Steve Cummings wins Stage 14 of the Tour de France
My favourite moment in this year’s Tour de France, won by Chris Froome, was the stage win in Mende by Steve Cummings, the British rider who now rides for MTN Quebeka.
Several reasons for this. First, that MTN Qubeka is a “wild card” team at the Tour, one of those included by the organisers at their discretion, usually as part of a development strategy.
Second, Qubeka, which is South African-based, is an NGO devoted to improving opportunities for cycling in Africa, and half of its team are African. And since Saturday was Mandela Day, the timing was perfect. A South African friend sent me a link to a South African report that suggested (tongue in cheek) that Cummings had had “the spectral hand of Tata Madiba on his buttocks”.
Third, it was a victory for craft and experience; Steve Cummings is a 34-year old rider who has been riding as a professional for more than a decade, riding for teams such as Sky and BMC, and has also had some success on the track, which tends to sharpen speed.
Although I like the romance of the African connection, it’s the craft element I’m going to write about here. The last four-and-a-half kilometres of the stage to Mende comprises a short-but-tough three kilometre climb followed by a fast downhill to the finish line. The young French climbers Romain Bardet and Thibaut Pinot crested the climb first, Bardet followed by Pinot. Cummings isn’t a climber, but he is a good time triallist and he’d used that power to get up the hill in third, to general surprise, but was still some way back from the other two.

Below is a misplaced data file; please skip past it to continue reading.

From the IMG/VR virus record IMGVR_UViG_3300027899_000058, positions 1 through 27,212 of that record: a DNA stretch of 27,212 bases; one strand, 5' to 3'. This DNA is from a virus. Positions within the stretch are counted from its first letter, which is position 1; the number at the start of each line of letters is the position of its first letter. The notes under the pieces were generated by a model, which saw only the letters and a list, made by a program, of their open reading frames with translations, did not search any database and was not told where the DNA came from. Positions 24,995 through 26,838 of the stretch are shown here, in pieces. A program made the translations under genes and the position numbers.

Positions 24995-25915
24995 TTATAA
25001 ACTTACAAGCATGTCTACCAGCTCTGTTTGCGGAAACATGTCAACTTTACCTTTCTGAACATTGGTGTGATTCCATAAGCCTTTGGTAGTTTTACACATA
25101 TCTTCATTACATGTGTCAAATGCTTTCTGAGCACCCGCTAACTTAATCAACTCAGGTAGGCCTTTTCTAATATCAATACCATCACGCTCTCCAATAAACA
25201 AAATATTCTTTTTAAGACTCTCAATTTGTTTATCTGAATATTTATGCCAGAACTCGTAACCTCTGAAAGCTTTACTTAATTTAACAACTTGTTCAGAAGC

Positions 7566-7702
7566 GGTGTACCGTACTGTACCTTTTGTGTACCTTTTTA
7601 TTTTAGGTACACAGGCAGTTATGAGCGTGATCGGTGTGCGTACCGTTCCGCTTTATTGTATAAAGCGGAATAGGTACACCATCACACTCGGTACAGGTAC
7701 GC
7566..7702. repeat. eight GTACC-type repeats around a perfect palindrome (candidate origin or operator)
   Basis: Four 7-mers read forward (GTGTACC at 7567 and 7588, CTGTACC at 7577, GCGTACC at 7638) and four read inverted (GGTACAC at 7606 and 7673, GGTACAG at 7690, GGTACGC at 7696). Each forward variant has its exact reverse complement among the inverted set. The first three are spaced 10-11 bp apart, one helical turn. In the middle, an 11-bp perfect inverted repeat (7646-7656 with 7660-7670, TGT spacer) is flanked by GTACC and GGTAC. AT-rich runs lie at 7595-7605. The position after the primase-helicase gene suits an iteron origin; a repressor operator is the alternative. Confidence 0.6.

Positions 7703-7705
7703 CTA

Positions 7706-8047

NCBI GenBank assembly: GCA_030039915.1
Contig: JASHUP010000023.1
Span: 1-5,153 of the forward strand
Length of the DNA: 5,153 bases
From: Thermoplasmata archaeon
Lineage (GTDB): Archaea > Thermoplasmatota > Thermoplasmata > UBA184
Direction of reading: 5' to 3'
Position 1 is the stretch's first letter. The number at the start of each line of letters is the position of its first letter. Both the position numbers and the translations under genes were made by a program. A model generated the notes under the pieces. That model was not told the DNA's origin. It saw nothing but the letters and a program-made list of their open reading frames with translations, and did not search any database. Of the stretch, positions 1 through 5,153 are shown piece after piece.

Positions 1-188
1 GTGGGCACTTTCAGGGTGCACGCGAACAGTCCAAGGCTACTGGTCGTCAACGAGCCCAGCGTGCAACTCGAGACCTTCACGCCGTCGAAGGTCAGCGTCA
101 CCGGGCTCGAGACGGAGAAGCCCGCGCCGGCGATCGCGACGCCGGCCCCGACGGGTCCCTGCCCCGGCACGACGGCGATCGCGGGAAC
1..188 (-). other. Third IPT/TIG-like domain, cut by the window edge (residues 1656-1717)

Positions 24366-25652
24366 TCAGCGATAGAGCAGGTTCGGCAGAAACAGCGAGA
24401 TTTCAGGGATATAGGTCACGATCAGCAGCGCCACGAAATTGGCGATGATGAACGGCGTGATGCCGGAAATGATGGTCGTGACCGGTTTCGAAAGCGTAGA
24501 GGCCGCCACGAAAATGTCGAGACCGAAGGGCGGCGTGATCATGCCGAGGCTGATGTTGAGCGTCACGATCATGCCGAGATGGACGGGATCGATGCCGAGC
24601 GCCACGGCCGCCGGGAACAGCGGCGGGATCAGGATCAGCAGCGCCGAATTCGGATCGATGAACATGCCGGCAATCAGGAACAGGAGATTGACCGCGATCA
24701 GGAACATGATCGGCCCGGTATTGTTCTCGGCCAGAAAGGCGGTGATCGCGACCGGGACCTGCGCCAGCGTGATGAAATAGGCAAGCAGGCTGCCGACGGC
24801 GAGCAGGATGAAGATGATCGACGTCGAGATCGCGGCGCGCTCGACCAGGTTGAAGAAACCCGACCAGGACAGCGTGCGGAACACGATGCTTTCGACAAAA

Fighting for the gap
The trick in professional cycling when fighting for a stage win is not to let another rider get onto your back wheel; if they succeed, they will almost certainly be able to use your slipstream as a springboard to accelerate past you at the right moment. Where the craft came in was two-fold: first Cummings knew that he’d have the advantage on the downhill stretch: climbers are typically lighter than time-triallists. As he said afterwards:
“When the road tipped and went down, the race sort of changed, it was in my favour. I had more kilos, I was more aero than the other two.”
And as he passed the French riders, he went past at some speed, giving himself a moment’s advantage as they were first surprised, and then gathered themselves for the chase. But they were back on his wheel quite quickly. Cyclists say that winning often takes a little luck; you gamble and you might not succeed. For Cummings that bit of luck was that Pinot was immediately behind him, and not Bardet, for Pinot’s known to be careful on corners, and wouldn’t take them as quickly as Cummings was prepared to.
“I caught them and went right to the front ready for the corners. I knew Pinot would be cautious and that he wouldn’t corner as fast as I could. It wasn’t really a risk. I saw that he wasn’t on the wheel and went for it, using my track speed for the final 400 metres. It’s hard for a climber to stay on the wheel of a track rider.”
Sadly I couldn’t find one usable piece of video that shows the whole sequence. The Tour’s video of the day shows him – 2’30” in, commentary in French – catching the French riders at the top of the hill; its video of the last kilometre shows him hitting the corners at speed (Cummings is already on the front when it starts). And you’ll have to click on the links, because embedding them here seems to involve a whole new career.
Bardet and Pinot said afterwards they’d made a tactical error. But they made good in the last week of the Tour, when each of them won on one of the big mountain stages in the Alps.